Event Handlers in WPF - Page 1
       by kirupa  |  1 March 2007

You've reached the last page! In the previous page, I discussed what the sender object will help you do, and in this page I will explain the event argument and wrap things up!

The Event
The second argument passed to our event handler is the event itself. The event really depends on when you want your control to fire a signal to your event handler. A generic event is what you see in my code called RoutedEventArgs for a button's Click event:

private void ButtonOkClicked(object sender, RoutedEventArgs e)

You will get more specialized event arguments depending on what you are trying to do, and those arguments provide you with greater flexibility to deal with these events. Let's say you have a textbox, and each time you type a character, you want to do something. For this scenario, you are looking at a very particular type of event argument - one that takes key presses into account.

Let's give our text box the name txtBoxMain, and let's bind a KeyDown event to an event handler called KeyCount. Visually in Expression Blend, you would simply enter your KeyCount event handler and press Enter:

[ again, you can use a visual approach to bind an event to an event handler ]

In code, you would do the following:

txtBoxMain.KeyDown += new KeyEventHandler(KeyCount);

Regardless of which approach (visual or code) that you took, your event handler would look like the following:

private void KeyCount(object sender, KeyEventArgs e)


Notice that my event argument is now KeyEventArgs. The KeyEventArgs class contains a lot of useful methods that I can use to do more with my event than just recognize that it happened. For example, the following code shows me displaying the letter/name of the key pressed in a message box:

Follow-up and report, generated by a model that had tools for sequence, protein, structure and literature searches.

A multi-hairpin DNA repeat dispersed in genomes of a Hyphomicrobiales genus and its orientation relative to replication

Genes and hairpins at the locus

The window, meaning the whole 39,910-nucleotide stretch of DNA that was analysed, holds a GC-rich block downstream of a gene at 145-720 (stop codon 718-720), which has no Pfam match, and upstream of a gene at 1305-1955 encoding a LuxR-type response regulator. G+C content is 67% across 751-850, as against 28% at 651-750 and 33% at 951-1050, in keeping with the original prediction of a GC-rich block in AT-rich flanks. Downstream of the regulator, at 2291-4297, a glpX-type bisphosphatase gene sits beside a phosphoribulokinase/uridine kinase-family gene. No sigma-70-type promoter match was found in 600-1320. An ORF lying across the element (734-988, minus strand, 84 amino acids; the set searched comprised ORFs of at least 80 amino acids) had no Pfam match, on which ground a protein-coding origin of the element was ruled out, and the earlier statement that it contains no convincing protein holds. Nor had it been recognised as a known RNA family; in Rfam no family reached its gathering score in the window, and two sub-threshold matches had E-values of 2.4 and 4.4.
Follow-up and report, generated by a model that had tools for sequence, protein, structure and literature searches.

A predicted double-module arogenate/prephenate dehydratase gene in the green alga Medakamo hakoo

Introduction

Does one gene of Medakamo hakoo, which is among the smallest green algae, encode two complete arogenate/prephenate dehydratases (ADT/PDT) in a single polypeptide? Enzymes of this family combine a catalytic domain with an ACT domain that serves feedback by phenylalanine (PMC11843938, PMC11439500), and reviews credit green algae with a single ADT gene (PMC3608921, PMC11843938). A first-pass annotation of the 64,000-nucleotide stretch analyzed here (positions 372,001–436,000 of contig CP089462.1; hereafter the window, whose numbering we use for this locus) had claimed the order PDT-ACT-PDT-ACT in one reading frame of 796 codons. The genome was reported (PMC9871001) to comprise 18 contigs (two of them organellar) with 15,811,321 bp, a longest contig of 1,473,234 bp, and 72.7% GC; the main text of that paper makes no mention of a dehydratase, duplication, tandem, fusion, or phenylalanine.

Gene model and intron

private void KeyCount(object sender, KeyEventArgs e)
MessageBox.Show("Key pressed is: " + e.Key.ToString());

The following is the image you see when you run the above code and press the letter k:

[ by using Key I can determine which key was pressed ]

While this example dealt with keyboard arguments, you can bind similar events to their respective event handlers for the mouse, the stylus, etc. Depending on which event handler variation you use, the number of properties you can access will vary. The differences in code among the various actions are too minor to cover in detail in this article. It would also be a bit too boring!

To give you a flavor of the extent of the variation, your argument e's type may be MouseEventArgs for a mouse related event, and you may not have a Key structure  from which to determine key presses, but you will have access to the Left and Right mouse buttons. You can find similar yet distinct variations among the other input methods.

As you can see, event handling can be as easy or as complicated depending on what you are trying to accomplish. Actually, complicated may not be the right word, because one you become familiar with the syntax and when to use some of these tricks, many things become easier.

The goal of this article and other articles on this site (and I'm sure others) is to give you a brief overview of the common uses of a particular use of technology and cover in greater detail the subtle, not-so-common uses that cause endless frustration and sleepless nights. At least that is how I justify having the trivial Note boxes and providing similar sets of code for the same task haha.

Got a question or just want to chat? Comment below or drop by our forums (they are actually the same thing!) where a bunch of the friendliest people you'll ever run into will be happy to help you out!

When Kirupa isn’t busy writing about himself in 3rd person, he is practicing social distancing…even on his Twitter, Facebook, and LinkedIn profiles.

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